John McAfee, the antivirus software pioneer whose scandal-prone life made him a staple of tabloid headlines, was found dead in a Spanish prison cell on Wednesday, the same day the country’s high court ruled he should be extradited to the US on charges of evading millions of dollars in taxes.
A Catalan justice official said McAfee’s body had been found in the Brians prison, south of Barcelona. The region’s justice department added in a statement that his death appeared to be suicide and that prison services tried and failed to revive him.
Earlier in the day, Spain’s national court ruled that McAfee should be extradited to the US for “tax crimes relating to the years 2016, 2017 and 2018”.
McAfee had been taken into custody in Spain in October and was held under preventive detention. In November the US embassy delivered a formal request for his extradition. The US authorities alleged that McAfee had earned more than €10m between 2014 and 2018 but had paid no tax, and used frontmen to hide his wealth and income.
According to the US justice department, McAfee, who founded the antivirus software company that bears his name, hid millions of dollars of income from promoting cryptocurrencies and selling the rights to his life story.
In rambling testimony last week in which he discussed at length his political ambitions, McAfee, who had previously sought the Libertarian party nomination for the US presidency, told the Spanish court he had paid millions of dollars in tax and that his companies had paid billions. He claimed that the US tax authorities were corrupt.
He added that for someone of his age — nearly 76 — he would certainly pass the rest of his life in prison if he were extradited to the US, and asked the court to “consider these questions”. But the prosecutor in the case accused him of exaggerating his political activity, describing him instead as a “tax rebel, a millionaire who does not want to pay taxes — which is a crime in every country, including the US”.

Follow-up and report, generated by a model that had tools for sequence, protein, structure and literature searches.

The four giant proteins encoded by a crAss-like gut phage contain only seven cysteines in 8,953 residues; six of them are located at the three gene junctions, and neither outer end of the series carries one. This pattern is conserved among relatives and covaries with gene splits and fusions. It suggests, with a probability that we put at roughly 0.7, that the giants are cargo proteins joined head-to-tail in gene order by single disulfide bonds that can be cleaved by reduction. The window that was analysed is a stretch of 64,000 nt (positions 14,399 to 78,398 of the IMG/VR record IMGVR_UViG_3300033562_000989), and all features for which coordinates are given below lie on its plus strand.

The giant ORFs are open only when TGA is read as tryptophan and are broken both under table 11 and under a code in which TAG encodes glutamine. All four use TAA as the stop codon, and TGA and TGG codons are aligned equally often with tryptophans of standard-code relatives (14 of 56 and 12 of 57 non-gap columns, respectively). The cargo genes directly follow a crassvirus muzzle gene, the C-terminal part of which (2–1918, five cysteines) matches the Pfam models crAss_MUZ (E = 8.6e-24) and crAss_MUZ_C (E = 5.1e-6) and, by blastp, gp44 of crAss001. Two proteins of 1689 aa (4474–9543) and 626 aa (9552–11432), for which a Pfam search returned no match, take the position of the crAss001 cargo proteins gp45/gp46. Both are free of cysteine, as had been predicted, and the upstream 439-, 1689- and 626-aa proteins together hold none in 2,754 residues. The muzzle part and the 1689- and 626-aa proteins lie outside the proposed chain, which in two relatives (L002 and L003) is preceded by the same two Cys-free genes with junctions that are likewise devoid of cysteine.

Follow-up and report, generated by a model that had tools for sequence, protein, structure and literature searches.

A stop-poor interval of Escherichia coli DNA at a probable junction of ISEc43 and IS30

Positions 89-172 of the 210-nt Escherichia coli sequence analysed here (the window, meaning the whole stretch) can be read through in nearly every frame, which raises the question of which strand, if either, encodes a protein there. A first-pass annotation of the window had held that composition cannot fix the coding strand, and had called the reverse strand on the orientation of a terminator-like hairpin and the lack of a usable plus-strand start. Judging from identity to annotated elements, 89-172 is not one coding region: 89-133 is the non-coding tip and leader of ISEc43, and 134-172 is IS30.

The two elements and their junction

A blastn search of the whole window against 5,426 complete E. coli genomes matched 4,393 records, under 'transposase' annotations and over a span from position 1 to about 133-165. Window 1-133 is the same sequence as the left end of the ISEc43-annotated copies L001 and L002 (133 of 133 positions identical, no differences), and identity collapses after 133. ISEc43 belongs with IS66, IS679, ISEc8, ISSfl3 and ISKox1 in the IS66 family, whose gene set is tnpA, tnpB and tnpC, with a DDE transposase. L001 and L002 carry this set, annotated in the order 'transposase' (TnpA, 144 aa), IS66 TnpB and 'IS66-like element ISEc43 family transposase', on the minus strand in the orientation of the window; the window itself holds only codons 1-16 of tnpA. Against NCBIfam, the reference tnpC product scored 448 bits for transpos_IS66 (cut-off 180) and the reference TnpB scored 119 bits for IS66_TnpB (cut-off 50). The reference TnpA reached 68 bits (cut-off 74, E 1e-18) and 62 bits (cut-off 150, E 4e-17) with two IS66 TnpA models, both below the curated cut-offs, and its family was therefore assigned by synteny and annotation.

The court also dismissed McAfee’s health concerns as unsubstantiated, saying he was “not facing a perpetual sentence that would deprive him of liberty for life” if convicted.
McAfee struck a more confrontational tone when leaving the US on his yacht in 2019. “I have not paid taxes for eight years. I will not pay taxes again — it is unconstitutional and illegal,” he said in an interview with Agence France-Presse.
That flamboyant departure was the last in a series of dramatic exits that punctuated the final decade of his life. In 2011, he claimed to have fled the US out of concern that his life was in danger, taking up residence full-time in Belize. A year later he disappeared after his neighbour died from a gunshot to the head, sparking a media frenzy. He was subsequently arrested in Guatemala and deported back to the US but while he was named as a person of interest in the investigation, he was never charged in connection with the death.
Despite quitting his antivirus company more than a quarter of a century ago, McAfee’s name has remained closely associated with the computer security industry. Chipmaker Intel, which bought the company in 2010, announced after the Belize scandal that it would drop the name.
The brand stuck, however, and the McAfee name was retained when the company went public again last year, just two weeks after its founder’s arrest in Spain.